The high court says race-based staffing decisions at Western State Hospitalviolated the state’s anti-discrimination law.

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The state Supreme Court has overturned a trial-court ruling and found that the state’s largest psychiatric hospital violated Washington’s anti-discrimination law when managers ordered that only white staffers be sent to deal with a violent patient who had made threats against a black employee.

The unanimous ruling, authored by Justice Mary Fairhurst, reversed a 2015 decision by Pierce County Superior Court Judge Kitty-Ann van Doorninck, who after a bench trial had dismissed the complaint of nine Western State Hospital employees who claimed the hospital illegally took their race into account when making staffing decisions in response to the patient’s race-based threats.

The high court sent the case back to the judge and ordered her to determine what damages and attorney fees to award to the employees.

Van Doorninck held a six-day bench trial in an employment-discrimination lawsuit filed by the employees, which was watched closely by the American Civil Liberties Union and employment attorneys. She dismissed the plaintiffs’ arguments that they were subject to a hostile workplace, writing that a staffing decision over one weekend “did not rise to the level of severe or pervasive harassment.”

The lawsuit challenged staffing decisions made over a weekend in April 2011 involving a delusional patient who had made racist remarks and threats toward one of his nurses, who is African American, and that he would assault any African American working with him.

The patient, who is identified only by the initials “M.P.,” had been committed to the psychiatric hospital in 2004 after being found not guilty by reason of insanity for an unspecified crime. He was known as a “particularly violent and intimidating patient” who over the years assaulted other patients and staff, according to the ruling.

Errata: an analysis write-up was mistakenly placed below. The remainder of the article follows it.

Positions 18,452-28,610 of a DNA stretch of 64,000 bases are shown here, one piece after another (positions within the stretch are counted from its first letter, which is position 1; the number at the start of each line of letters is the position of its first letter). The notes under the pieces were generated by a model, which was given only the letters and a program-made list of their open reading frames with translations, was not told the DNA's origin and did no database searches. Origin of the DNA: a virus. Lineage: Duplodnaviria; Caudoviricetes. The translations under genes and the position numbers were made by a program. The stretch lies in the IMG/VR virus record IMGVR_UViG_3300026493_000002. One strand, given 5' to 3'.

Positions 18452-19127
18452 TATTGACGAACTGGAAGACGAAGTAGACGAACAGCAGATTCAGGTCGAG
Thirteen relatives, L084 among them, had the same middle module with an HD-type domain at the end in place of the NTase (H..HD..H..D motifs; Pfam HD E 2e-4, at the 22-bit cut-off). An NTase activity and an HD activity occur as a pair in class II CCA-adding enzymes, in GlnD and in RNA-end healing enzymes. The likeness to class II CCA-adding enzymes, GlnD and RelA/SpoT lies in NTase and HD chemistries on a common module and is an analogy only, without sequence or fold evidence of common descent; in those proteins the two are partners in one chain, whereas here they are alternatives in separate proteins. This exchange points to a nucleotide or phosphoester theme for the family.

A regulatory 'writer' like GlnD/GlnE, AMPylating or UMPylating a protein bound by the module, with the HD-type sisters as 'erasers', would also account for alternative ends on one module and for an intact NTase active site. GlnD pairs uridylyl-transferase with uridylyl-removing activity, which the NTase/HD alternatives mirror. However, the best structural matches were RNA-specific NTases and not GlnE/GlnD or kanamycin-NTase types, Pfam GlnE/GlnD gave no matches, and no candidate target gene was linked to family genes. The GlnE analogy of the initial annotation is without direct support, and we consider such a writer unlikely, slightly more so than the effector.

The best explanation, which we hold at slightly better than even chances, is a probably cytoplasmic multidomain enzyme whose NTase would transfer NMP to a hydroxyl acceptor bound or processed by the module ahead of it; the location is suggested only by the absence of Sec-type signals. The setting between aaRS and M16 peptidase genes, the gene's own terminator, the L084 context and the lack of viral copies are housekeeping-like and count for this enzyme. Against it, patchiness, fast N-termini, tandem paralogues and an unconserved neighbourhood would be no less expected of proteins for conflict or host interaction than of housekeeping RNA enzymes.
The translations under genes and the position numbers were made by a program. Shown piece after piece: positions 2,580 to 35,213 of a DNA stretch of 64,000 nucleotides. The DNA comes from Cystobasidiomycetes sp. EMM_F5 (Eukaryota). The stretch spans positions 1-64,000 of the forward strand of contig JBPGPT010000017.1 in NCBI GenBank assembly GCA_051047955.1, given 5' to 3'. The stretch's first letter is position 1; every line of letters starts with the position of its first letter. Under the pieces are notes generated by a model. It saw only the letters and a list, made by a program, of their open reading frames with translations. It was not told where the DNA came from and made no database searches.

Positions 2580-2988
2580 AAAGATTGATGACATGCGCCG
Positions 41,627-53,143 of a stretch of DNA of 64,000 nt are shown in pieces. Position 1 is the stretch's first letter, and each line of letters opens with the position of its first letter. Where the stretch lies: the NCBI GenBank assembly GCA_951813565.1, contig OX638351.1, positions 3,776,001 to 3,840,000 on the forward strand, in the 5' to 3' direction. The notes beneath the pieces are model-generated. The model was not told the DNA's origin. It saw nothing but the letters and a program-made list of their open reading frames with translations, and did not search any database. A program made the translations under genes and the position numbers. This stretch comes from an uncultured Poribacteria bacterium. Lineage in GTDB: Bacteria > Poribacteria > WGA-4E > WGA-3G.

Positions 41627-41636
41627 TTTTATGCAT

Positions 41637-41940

Leading up to that weekend, M.P. had made what his treatment-team coordinator had determined where credible threats against one of his nurses, who is African-American. Patricia Blackburn, a white nurse who was in charge of staffing, was ordered to deviate from normal staffing rotations and not assign any African Americans to care for M.P.

Blackburn, according to the lawsuit, refused to depart from the normal rotation list and noted that the next three employees listed were all persons of color, the court noted. When directed to send the person with the lightest skin, she again refused.

The registered nurse who made the transfer request ultimately directed Bonifacio Fornillos — another plaintiff in the case — to go to the ward, and the transfer occurred without incident.

The court said the decision violated the state’s anti-discrimination law.